Prof. Jens Schröter

Jens Schröter, Prof. Dr. phil., is professor for the theory and practice of multimedial systems at the University of Siegen. He was director of the graduate school "Locating Media", see: from 2008-2012. He is (together with Prof. Dr. Lorenz Engell, Weimar) director of the research project "TV Series as Reflection and Projection of Change", see: Main research topics are: Theory and history of digital media, theory and history of photography, theory and history of three-dimensional images, intermediality, copy protection, media theory in discussion with the critique of value, tv-series. Recent publications: "3D. History, Theory and Aesthetics of the Transplane Image", New York/London/New Delhi/Sydney, 2014 (Bloomsbury); "Handbuch Medienwissenschaft", Ed. Stuttgart, 2014 (Metzler).



Cultures of calculation and computation / Politics of simulation

The question concerning "Media Cultures of Computer Simulation" is obviously also the question concerning the role of calculation and computation for a given culture. The role that computer simulations have had since 1945 for the sciences, but also for economics, politics and finally for entertainment (e.g. special effects and computer games) can hardly be overestimated. Insofar, we are living in a culture of calculation and computation, as has been observed already early on and with a critical undertone by Martin Heidegger. But we are also living in a culture of calculation and computation in a different sense - and even longer so. Long before computing in the strict and modern sense, there was of course 'accounting', meaning the calculation of quantitative entities, the central operation of economies, as was underlined by Max Weber and others. Capitalism is basically about abstract quantification, calculation with and the accumulation of countable entities. This is a culture of calculation and computation, too.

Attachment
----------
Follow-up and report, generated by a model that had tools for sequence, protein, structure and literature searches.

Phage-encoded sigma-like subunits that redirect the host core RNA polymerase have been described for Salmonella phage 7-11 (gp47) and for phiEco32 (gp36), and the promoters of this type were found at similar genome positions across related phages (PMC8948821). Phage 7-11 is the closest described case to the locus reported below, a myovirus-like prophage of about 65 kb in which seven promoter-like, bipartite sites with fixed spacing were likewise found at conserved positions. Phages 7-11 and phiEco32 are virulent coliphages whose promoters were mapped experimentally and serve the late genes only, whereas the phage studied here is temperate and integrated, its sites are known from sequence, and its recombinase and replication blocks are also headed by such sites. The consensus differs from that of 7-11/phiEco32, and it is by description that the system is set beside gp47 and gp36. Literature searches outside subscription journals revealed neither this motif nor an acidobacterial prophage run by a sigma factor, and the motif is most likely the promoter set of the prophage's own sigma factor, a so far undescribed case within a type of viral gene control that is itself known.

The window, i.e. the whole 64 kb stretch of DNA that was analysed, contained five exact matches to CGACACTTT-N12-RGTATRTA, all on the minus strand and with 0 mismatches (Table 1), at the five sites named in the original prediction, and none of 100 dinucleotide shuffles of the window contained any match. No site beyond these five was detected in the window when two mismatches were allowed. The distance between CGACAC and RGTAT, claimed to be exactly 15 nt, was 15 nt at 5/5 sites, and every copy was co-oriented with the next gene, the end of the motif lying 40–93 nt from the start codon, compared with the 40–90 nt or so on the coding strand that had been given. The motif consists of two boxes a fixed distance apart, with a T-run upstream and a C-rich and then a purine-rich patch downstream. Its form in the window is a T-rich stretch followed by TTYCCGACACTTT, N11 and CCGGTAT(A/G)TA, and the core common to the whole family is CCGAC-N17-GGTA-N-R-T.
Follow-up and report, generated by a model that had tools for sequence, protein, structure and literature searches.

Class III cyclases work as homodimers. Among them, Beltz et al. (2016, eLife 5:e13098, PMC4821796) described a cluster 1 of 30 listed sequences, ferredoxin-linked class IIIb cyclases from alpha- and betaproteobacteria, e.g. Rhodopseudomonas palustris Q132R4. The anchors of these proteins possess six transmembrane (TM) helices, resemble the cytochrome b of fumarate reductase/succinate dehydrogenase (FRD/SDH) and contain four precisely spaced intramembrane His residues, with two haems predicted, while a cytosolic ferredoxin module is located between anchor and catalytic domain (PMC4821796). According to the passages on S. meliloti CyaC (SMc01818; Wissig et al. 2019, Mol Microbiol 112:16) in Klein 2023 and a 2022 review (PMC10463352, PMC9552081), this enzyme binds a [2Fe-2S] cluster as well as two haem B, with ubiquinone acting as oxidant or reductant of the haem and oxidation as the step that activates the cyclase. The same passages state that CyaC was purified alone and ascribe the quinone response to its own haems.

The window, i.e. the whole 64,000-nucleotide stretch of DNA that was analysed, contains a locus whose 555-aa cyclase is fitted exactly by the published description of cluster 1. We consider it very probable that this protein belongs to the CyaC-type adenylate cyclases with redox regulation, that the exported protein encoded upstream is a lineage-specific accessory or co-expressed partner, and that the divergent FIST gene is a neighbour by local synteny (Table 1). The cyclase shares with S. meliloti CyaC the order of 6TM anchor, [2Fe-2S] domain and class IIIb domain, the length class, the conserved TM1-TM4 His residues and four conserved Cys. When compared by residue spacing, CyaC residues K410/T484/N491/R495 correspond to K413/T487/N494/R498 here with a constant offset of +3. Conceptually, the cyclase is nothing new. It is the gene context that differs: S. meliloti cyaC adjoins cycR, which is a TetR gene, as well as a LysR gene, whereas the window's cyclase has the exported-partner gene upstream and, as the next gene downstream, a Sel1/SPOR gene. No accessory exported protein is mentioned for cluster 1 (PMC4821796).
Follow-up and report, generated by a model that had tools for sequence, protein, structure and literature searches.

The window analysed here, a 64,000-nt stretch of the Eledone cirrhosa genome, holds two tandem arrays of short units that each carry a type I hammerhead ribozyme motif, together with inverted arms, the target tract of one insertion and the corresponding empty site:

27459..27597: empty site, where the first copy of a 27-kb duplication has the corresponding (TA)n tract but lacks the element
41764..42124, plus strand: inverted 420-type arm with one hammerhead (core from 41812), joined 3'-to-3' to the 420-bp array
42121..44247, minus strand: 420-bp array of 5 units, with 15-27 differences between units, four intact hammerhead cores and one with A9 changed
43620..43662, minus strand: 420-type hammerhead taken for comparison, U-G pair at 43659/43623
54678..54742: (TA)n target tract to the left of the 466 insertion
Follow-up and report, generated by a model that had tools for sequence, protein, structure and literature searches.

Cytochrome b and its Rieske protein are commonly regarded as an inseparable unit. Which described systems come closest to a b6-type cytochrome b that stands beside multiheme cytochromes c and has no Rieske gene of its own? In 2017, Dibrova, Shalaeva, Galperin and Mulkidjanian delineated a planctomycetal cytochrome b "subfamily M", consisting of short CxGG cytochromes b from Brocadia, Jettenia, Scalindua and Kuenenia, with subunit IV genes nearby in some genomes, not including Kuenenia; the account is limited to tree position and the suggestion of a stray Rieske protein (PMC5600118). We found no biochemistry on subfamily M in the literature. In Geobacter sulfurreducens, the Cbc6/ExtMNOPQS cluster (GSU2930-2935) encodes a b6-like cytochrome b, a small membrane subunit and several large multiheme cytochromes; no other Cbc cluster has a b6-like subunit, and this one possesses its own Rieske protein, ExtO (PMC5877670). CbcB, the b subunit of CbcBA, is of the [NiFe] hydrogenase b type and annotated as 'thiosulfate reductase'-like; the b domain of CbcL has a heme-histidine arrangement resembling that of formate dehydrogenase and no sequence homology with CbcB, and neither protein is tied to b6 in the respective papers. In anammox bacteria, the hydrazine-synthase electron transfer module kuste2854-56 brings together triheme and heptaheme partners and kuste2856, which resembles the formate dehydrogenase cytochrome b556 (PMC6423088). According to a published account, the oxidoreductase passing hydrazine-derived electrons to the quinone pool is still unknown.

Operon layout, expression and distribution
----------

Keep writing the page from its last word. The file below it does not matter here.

My research projects focuses on the relation between these two cultures. Which premises from the economic culture of calculation and computation flow into today's simulation models? E.g. how does agent-based simulation relate to the highly problematic 'methodological individualism', which is presupposed by hegemonic economic theories? And on the other hand: How are simulations used for economic purposes? What is the relation of 'model' and 'accumulation'? In that sense, my research project analyzes at least one aspect of the politics of simulation.